I generally use this activity with junior or senior American literature courses that have already spent a few weeks with some major texts of the modernist era. As a result, I position the postmodern as both a natural outgrowth from modernism and a sharp contrast against it, with help from a few bite-sized pieces of literary theory. In explaining how modernism and postmodernism differ, I borrow most heavily from Brian McHale’s distinction in Postmodernist Fiction between modernism as a movement interested in epistemological questions and postmodernism’s shift to the ontological (once those two “ologicals” get defined, of course). Another useful theoretical text, Ihab Hassan’s “Toward a Concept of Postmodernism,” includes a chart of opposed binary descriptions of modernism and postmodernism, and a few of its more accessible pairings have proved helpful. My students have already encountered canonical modernist texts like The Great Gatsby and A Streetcar Named Desire that invite investigative interpretation, asking readers to sort through what is and isn’t true about the checkered pasts of their main characters. The day’s focus, then, is the shift from asking what is true to to asking what is real.

Toward that end, I give small groups of students paragraph-length case studies recounting recent literary or cinematic stories in which the lines between the real and the unreal (or in some cases, the labels fiction and nonfiction) wind up considerably blurred. Examples I’ve used include the controversy surrounding James Frey’s A Million Little Pieces; the disqualification of Errol Morris’s The Thin Blue Line from consideration for the Best Documentary Oscar; and Art Spiegelman’s letter to the The New York Times objecting to their initial placement of Maus on the fiction bestseller list. Each case study includes enough information about the text in question to get the group started in discussion, as well as a few conceptual questions, mostly asking students to consider where the ambiguity lies anyway regarding the reality or nonfictionality. For instance, the group assigned James Frey discusses, “How does labeling a book fiction or nonfiction alter how readers consume it?” The group addressing The Thin Blue Line, a documentary which includes re-enactments of events in a crime’s timeline, considers, “In what ways might such a film be best understood as fact, and in what ways is it fiction?” And after learning that Maus is a well-researched Holocaust survivor narrative presented in graphic novel form, a third group discusses, “Why would such a book have ever been classified as fiction at all?”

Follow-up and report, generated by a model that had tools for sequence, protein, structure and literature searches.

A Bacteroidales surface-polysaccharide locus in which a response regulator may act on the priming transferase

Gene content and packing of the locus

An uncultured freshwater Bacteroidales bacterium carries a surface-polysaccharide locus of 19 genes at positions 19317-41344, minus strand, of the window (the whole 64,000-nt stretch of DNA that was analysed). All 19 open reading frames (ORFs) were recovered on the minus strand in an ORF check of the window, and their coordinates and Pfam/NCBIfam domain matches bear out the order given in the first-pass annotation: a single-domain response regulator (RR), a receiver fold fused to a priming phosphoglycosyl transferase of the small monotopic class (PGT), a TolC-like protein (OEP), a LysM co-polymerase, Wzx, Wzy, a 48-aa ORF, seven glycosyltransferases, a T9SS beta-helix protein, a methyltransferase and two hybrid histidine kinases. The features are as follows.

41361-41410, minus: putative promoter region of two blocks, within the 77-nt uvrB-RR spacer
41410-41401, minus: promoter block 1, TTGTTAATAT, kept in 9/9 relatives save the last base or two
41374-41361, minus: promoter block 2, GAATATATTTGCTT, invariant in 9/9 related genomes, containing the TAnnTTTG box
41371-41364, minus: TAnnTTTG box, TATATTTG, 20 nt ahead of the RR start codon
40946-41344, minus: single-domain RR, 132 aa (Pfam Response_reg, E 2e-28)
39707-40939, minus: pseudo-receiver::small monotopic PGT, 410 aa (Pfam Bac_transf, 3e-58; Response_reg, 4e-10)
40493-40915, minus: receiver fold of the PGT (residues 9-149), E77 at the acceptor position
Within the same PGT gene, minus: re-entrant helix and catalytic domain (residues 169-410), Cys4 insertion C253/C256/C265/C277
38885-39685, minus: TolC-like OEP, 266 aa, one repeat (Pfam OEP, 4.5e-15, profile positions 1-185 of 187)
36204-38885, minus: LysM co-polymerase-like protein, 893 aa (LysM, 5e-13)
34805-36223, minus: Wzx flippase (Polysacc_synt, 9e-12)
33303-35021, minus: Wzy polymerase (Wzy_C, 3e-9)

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Crucially, I designate this day of class a tech-free meeting: no laptops out, no Googling additional information about these stories. That’s because one group has a story that’s totally made up: the fake story I currently use describes a political candidate hiring a lookalike to play himself in campaign commercials, while writing all of the text for the ads himself. Students are asked: if the candidate is in charge of the content of the message, and he never claims to be the lookalike (or vice versa), are voters being deceived? Has lying happened?